The Tories are the largest party on Scottish Borders Council with ten seats. The SNP and independents tied for second on 9 seats each with the Lib Dems trailing on six. In Dumfries and Galloway, Labour claimed 15 seats to the Tories' 14 and the SNP's ten. Seven independents were elected, as was one Lib Dem.
Edinburgh and East
Labour have taken minority control of Edinburgh City Council with 20 seats. The SNP won 18, the Conservatives 11, Greens six, and the Lib Dems three.
Labour banked a narrow lead in East Lothian with 10 seats to the SNP's nine. The Tories won three and an independent won another seat. It another one-seat advantage for Labour in West Lothian; the party took 16 to the SNP's 15, the Conservatives' one, and one further independent.
Midlothian is hung in deadlock, with the SNP and Labour both on eight, along with one Green and one independent councillor.
Aberdeen and North
Aberdeenshire's full results are in and the SNP has come out on top with 28 seats. They are followed by the Conservatives on 14, Lib Dems on 12, independents on 11, Labour on two, and the Greens on one.
Aberdeen City Council's count ended with Labour in the lead on 17, the SNP second on 15, Lib Dems on five, Conservatives on three and independents on three.
Moray Council is hung with the SNP and independents both taking 10 seats, Labour three, and the Tories three.
Highlands and Islands
The SNP have failed in their ambition to make inroads into the councils of Highlands and Islands.
Voters to Highland Council have elected 33 independents, 21 Nationalists, 14 Lib Dems, and eight Labour councillors.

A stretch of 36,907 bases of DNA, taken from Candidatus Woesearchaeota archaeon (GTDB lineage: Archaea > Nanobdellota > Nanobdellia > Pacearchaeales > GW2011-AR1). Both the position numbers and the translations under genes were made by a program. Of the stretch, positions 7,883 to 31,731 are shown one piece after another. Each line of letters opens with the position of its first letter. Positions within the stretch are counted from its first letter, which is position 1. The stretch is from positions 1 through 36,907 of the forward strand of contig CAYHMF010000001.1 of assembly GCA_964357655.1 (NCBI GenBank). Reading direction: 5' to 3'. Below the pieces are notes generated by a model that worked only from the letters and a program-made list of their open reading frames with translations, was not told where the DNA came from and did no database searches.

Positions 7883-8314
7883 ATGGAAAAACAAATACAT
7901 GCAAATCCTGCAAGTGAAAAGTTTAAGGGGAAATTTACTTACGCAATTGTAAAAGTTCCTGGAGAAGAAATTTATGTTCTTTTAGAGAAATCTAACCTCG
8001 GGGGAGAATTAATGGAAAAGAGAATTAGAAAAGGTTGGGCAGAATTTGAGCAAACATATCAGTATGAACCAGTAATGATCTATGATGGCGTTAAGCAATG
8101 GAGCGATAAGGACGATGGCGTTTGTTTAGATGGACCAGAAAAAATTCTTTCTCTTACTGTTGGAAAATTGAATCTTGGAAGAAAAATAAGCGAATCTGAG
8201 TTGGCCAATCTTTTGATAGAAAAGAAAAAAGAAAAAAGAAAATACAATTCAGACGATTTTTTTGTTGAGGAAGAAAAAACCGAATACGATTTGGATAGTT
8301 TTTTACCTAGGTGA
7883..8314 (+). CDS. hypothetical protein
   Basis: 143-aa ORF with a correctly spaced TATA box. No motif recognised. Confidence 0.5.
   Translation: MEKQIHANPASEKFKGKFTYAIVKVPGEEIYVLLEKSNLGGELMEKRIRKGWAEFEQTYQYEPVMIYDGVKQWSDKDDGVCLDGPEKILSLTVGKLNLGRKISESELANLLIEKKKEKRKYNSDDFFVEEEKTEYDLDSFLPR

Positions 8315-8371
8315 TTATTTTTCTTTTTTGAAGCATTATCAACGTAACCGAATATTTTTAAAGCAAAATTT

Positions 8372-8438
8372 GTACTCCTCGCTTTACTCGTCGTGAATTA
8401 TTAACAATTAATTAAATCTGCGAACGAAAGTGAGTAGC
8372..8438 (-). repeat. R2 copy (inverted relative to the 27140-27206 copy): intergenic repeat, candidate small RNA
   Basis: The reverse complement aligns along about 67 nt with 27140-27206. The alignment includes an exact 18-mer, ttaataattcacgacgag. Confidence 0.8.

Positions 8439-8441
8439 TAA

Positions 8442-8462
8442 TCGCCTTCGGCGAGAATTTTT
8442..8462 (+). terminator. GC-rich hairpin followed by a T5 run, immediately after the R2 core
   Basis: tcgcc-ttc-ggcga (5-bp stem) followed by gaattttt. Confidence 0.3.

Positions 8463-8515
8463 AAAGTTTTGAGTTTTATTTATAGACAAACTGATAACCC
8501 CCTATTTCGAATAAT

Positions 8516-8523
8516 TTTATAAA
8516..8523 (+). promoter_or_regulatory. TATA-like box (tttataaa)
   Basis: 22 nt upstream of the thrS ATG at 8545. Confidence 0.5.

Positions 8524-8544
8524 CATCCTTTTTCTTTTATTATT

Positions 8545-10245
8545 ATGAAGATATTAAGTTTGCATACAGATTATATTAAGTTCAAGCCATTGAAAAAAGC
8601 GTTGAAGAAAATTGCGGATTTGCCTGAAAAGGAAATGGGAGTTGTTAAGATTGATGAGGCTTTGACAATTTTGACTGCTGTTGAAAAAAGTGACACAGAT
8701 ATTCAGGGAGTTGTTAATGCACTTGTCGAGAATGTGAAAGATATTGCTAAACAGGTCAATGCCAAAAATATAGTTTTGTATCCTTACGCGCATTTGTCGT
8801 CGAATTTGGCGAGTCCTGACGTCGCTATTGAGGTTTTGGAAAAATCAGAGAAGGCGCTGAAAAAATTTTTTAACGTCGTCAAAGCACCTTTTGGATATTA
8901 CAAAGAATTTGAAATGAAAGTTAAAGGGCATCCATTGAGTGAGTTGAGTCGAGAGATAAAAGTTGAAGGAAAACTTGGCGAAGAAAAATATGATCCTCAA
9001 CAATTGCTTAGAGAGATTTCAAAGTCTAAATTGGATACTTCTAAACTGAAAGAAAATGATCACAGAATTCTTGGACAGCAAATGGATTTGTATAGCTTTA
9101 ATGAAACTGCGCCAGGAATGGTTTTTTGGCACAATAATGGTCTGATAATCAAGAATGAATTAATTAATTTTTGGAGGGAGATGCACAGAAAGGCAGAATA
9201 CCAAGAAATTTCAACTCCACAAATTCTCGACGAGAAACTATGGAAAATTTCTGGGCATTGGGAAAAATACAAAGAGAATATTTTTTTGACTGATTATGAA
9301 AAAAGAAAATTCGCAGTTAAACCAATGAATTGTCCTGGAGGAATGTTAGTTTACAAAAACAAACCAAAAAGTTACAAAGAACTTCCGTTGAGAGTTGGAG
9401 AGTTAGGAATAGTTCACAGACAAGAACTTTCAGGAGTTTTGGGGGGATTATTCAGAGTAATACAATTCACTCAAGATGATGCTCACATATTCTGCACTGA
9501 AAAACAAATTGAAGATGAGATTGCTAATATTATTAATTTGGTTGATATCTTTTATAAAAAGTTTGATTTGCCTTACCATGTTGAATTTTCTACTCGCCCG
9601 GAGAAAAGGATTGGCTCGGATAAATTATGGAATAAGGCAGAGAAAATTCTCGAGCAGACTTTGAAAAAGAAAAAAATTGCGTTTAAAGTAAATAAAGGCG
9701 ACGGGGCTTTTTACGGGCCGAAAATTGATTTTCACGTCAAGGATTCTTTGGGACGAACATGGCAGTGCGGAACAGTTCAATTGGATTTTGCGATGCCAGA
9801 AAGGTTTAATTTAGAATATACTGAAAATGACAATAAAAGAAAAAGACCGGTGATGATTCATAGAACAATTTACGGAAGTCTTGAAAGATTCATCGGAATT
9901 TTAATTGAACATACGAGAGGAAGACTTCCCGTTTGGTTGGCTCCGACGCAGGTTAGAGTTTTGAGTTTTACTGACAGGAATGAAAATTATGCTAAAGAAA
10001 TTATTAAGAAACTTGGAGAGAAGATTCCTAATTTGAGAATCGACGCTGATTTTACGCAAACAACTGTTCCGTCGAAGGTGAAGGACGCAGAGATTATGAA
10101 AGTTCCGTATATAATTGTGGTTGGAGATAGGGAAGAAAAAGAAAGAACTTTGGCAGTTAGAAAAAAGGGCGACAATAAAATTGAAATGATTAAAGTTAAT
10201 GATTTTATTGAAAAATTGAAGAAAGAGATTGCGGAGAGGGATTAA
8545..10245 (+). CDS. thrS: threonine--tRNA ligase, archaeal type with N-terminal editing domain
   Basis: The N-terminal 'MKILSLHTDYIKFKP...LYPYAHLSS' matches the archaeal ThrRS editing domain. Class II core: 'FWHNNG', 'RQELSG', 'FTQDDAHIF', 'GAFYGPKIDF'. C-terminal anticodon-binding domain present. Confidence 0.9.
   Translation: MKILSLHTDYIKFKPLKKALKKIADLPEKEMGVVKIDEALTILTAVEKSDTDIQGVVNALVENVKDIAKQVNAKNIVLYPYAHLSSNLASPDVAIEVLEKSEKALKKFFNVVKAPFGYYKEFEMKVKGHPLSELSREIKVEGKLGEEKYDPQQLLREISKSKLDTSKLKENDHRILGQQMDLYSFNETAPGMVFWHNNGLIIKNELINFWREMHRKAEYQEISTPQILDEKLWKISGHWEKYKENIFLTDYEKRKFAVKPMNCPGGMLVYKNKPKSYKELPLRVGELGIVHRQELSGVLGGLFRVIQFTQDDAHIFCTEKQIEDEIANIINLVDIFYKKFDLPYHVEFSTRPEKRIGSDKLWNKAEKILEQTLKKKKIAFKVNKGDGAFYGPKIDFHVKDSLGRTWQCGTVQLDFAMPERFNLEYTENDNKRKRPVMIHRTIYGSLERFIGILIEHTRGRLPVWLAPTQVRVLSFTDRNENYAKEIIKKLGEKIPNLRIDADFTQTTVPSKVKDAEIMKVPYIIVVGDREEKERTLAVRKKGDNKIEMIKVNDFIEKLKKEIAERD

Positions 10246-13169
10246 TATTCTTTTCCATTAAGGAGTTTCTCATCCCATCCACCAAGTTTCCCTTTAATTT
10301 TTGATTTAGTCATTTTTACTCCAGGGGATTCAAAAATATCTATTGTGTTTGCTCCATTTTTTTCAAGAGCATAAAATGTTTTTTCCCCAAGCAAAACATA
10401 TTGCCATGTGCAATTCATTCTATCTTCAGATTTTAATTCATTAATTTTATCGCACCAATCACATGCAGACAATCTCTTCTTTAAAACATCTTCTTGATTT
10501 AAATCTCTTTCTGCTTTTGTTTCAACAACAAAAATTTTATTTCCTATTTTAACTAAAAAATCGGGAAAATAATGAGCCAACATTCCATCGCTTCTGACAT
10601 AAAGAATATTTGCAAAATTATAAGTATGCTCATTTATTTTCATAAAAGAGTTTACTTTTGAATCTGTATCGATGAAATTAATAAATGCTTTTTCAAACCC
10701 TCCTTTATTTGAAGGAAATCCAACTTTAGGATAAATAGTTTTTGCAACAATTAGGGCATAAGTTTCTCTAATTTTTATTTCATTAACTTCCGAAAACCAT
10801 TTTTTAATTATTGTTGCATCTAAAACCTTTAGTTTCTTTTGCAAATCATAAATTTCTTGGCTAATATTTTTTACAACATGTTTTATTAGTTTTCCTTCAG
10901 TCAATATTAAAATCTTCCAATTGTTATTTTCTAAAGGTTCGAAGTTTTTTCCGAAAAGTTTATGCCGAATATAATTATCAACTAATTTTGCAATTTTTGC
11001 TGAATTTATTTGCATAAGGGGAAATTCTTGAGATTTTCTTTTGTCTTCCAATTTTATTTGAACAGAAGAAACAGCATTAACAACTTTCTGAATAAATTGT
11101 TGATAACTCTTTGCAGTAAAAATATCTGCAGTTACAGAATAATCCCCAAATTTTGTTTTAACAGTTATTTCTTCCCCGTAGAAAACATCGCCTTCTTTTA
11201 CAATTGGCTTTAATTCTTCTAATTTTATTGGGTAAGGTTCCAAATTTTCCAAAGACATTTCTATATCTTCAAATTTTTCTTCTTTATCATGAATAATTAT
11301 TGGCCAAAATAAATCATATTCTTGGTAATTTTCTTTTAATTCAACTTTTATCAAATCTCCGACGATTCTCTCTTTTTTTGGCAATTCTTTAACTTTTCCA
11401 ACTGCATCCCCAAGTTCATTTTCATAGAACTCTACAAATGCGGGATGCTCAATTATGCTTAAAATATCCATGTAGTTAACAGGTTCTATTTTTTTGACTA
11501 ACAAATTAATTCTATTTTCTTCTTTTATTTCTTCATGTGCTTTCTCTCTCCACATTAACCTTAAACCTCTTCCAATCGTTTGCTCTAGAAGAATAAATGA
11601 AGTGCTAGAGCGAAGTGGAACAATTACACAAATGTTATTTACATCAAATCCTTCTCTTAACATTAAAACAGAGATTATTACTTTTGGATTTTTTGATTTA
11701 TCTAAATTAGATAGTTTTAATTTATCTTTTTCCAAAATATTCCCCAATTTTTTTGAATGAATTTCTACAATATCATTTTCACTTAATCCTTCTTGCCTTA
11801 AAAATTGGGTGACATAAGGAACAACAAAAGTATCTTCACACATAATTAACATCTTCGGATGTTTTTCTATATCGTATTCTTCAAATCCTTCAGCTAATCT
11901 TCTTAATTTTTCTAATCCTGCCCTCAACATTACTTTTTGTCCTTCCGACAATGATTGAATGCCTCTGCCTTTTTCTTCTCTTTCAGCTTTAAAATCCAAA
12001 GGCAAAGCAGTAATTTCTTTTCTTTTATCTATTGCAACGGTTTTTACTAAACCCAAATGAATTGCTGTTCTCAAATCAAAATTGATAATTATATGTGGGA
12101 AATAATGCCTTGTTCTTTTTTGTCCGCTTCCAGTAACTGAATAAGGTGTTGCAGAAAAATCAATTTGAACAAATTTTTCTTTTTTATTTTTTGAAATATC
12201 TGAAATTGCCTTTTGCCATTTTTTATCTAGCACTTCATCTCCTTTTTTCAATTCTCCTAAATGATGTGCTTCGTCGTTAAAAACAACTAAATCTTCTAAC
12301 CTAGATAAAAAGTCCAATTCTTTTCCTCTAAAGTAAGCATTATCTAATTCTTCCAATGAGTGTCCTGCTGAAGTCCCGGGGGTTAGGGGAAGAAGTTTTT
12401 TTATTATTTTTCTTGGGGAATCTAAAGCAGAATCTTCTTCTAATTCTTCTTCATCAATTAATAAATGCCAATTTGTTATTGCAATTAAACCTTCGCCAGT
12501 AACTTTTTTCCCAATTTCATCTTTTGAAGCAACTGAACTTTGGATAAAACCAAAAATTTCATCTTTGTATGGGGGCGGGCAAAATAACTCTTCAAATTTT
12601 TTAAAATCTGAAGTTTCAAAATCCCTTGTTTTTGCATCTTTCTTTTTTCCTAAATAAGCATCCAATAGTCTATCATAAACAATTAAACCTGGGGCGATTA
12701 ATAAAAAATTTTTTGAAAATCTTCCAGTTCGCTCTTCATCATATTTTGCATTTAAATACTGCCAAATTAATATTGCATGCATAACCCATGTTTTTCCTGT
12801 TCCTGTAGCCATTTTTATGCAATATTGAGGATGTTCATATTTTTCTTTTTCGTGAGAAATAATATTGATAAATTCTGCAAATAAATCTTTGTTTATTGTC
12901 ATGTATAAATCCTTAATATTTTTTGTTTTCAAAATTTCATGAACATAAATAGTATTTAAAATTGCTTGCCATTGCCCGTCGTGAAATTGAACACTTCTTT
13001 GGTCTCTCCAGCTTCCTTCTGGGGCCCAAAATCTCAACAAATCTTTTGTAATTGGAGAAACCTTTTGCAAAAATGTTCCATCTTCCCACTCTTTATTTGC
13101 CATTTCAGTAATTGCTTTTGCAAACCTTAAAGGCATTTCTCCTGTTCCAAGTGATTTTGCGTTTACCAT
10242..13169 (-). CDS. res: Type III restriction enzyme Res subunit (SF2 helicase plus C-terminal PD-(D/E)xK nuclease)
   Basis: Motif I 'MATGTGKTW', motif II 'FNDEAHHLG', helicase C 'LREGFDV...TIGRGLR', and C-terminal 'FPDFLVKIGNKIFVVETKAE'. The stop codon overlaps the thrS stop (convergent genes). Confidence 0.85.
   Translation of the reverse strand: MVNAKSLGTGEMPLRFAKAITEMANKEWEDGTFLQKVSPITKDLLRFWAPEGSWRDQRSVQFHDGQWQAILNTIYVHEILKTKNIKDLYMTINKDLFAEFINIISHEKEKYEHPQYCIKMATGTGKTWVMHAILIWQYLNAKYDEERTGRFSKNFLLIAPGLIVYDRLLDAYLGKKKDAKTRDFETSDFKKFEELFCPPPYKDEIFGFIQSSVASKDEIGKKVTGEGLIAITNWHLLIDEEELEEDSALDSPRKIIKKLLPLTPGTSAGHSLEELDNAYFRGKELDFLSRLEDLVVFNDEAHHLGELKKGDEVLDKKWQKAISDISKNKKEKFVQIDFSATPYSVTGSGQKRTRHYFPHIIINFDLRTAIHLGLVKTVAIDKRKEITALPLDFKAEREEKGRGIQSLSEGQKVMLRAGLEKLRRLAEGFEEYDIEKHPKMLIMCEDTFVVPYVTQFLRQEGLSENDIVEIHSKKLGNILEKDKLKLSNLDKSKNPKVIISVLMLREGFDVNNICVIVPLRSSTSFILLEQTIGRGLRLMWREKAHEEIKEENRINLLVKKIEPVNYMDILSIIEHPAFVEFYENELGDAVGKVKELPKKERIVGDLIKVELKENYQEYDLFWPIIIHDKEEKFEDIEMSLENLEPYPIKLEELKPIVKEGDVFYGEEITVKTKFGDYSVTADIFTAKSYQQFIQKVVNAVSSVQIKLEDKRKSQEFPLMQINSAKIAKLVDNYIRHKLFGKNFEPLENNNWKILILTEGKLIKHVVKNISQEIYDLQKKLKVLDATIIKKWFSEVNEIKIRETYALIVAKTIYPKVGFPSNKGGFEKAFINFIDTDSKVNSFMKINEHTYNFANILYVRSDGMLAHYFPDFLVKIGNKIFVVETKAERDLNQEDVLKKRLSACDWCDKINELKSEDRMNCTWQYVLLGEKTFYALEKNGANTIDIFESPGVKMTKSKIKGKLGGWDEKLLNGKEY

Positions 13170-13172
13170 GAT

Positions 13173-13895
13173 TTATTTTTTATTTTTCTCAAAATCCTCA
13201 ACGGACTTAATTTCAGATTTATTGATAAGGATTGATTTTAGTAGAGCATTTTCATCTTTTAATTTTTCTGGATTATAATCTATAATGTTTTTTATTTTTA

All 21 seats on Orkney Council remain in the hands of independents.
Na h-Eileanan Siar (Western Isles) proved similarly disappointing for the SNP. Independents won 21 seats against the Nationalists' seven. Labour returned three councillors.
Shetland also re-elected a council of 22 independents.
Dundee and Tayside
Dundee City Council now has a majority administration. The SNP took 16 seats+-, with Labour next on 10, the Conservatives, Lib Dems, and independent on one apiece.
The SNP are the largest party in Perth and Kinross. The Nationalists are on 18, Conservatives 10, Lib Dems five, Labour four, and independent four.
Labour dominates Fife Council with 35 councillors. They will be joined by 26 Nationalists, ten Lib Dems, four independents, and three Tories.
Angus is a win for the SNP, although they have only a plurality rather than a majority. The party clocked up 15 seats, followed by eight for independents, four for the Tories, one for Labour, and one for the Lib Dems.
Stirling's results tallied with a narrow advantage for the SNP on nine seats and Labour on eight. The Tories took four and the Greens one.
Labour pipped the SNP to become the largest party on Falkirk Council. Voters returned 14 Labour councillors, 13 Nationalists, three independents, and two Tories.
Clackmannanshire is another draw. Labour and the Nationalists both have eight alongside on Conservative and on independent.
The elections were conducted using the single transferable vote, a proportional system that aims to make seat allocation more reflective of vote share.